Sunday, 23 January 2011

REVIEW: Somewhere

Sofia Coppola returns to familiar ground in this slow yet engaging story of how it can be lonely at the top.

I'm still unsure whether I like Sofia Coppola's work or not. "Lost In Translation" has to be one of my favourite films but unfortunately I can't help but think there was something a bit lucky about it. Coppola retraces this familiar territory with "Somewhere" about a famous film star staying in an infamous LA hotel who has to look after his daughter for a while.

Like "Lost in Translation" the shots are long, slow, often very subdued with minimal dialogue and framed so that the action offscreen is at times just as important as onscreen. I have nothing against this except for the fact I feel I have seen this before and I think it is a bit of a lazy attempt to recreate the success of "Lost In Translation" - also about a somewhat famous star staying in a hotel with a young girl albeit not his daughter, but still...

However, as Tokyo was a character in the film, the title Somewhere is proof that it could be anywhere and it's a shame that the setting and the hotel, though a metaphor for the fake glitz and glamour of excess, isn't explored more. The whole thing feels like a tale of body and soul which is handled very carefully, but yet missing some important factors. Stephen Dorff might feel this is his comeback of sorts, but really his glum, downtrodden, isolated figure in a hedonistic world isn't exactly tough to do however his exchanges with the wonderful Elle Fanning are a joy to watch, in fact Fanning really makes the film. It's sweet to suggest that Dorff's character is a good father at heart, that the lifestyle picked him rather than him picking the lifestyle and that he has such a good time with his daughter, but yet it still feels slightly empty. It's also hard to sympathise with a character who has a lot of sex with beautiful women, gets catered on hand and foot, and shouldn't have anything to worry about - he might not have any 'real' friends, but why not? During such hard times in this financial climate, to feel sorry for the guy is something very hard to do.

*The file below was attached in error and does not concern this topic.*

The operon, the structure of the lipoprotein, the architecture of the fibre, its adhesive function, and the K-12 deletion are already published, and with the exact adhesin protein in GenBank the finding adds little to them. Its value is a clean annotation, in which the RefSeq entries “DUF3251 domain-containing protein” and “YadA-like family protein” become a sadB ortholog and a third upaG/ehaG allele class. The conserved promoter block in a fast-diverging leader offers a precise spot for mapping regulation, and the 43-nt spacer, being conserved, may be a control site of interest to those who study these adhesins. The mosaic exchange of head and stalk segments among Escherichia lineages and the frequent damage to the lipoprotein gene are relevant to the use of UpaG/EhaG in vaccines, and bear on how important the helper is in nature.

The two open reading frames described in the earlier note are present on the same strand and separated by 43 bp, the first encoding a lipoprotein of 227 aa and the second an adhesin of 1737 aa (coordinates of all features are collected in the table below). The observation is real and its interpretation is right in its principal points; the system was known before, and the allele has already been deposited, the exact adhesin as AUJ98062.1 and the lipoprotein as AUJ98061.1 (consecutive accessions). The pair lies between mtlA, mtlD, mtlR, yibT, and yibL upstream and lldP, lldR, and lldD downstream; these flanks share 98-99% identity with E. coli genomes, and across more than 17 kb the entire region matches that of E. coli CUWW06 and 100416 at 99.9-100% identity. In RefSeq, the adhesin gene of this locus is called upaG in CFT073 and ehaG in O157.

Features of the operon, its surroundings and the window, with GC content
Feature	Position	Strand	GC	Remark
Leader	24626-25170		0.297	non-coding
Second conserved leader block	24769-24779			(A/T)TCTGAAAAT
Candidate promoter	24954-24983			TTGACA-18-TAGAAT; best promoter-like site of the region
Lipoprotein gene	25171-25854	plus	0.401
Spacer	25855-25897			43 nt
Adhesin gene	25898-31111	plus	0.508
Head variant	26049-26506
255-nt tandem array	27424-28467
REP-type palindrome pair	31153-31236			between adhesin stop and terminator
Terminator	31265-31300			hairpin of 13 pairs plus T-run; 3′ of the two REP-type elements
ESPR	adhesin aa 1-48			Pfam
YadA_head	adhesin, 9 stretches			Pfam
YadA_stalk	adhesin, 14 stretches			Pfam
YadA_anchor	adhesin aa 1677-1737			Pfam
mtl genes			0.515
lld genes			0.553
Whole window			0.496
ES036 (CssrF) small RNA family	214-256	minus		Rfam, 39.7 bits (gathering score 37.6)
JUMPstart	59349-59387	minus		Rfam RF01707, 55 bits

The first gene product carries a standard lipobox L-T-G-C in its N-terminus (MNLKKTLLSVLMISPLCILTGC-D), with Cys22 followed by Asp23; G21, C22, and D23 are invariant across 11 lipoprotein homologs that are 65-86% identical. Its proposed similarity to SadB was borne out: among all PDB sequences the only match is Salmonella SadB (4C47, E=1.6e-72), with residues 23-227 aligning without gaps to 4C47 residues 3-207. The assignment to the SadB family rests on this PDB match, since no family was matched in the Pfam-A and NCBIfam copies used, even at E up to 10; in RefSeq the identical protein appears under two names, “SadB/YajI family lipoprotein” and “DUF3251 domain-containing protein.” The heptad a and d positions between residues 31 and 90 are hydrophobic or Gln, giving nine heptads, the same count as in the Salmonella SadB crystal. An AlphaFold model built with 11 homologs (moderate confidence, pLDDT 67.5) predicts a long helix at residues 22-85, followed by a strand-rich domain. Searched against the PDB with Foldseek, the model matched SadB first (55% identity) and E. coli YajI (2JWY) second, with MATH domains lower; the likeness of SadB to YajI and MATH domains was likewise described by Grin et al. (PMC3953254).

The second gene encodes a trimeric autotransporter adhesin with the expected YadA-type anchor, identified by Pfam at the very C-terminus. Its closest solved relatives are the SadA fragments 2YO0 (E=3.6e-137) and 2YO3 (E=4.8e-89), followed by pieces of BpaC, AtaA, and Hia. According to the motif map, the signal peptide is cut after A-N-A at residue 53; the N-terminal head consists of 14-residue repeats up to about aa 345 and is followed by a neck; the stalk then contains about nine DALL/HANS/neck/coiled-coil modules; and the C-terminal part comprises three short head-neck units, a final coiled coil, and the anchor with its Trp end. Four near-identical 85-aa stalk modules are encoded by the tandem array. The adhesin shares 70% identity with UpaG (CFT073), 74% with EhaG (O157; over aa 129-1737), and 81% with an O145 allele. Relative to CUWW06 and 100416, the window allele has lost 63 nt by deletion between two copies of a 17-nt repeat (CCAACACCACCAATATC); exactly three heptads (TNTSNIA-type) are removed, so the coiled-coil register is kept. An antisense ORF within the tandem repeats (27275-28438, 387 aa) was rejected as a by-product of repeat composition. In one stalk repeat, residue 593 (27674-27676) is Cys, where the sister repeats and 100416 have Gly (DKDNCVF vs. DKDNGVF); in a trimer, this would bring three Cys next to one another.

For something so slow, sometimes awkward to watch, it was in fact quite engaging with a lot of visual references to existentialism, isolation, identity and more but really I couldn't help but feel like I was back on old territory and had this had more of a unique angle, a better male lead and some more inspirational directing with more depth behind it, it would have been a great film. However, how it stands, it's not exactly a move forward for Coppola and although enjoyable, I doubt anyone will go out of their way to see it and neither should they. Perhaps just spend your time watching "Lost In Translation" again and remembering the exquisite beauty which I fear Coppola will never be able to harness again.

Rating: 6/10

No comments:

Post a Comment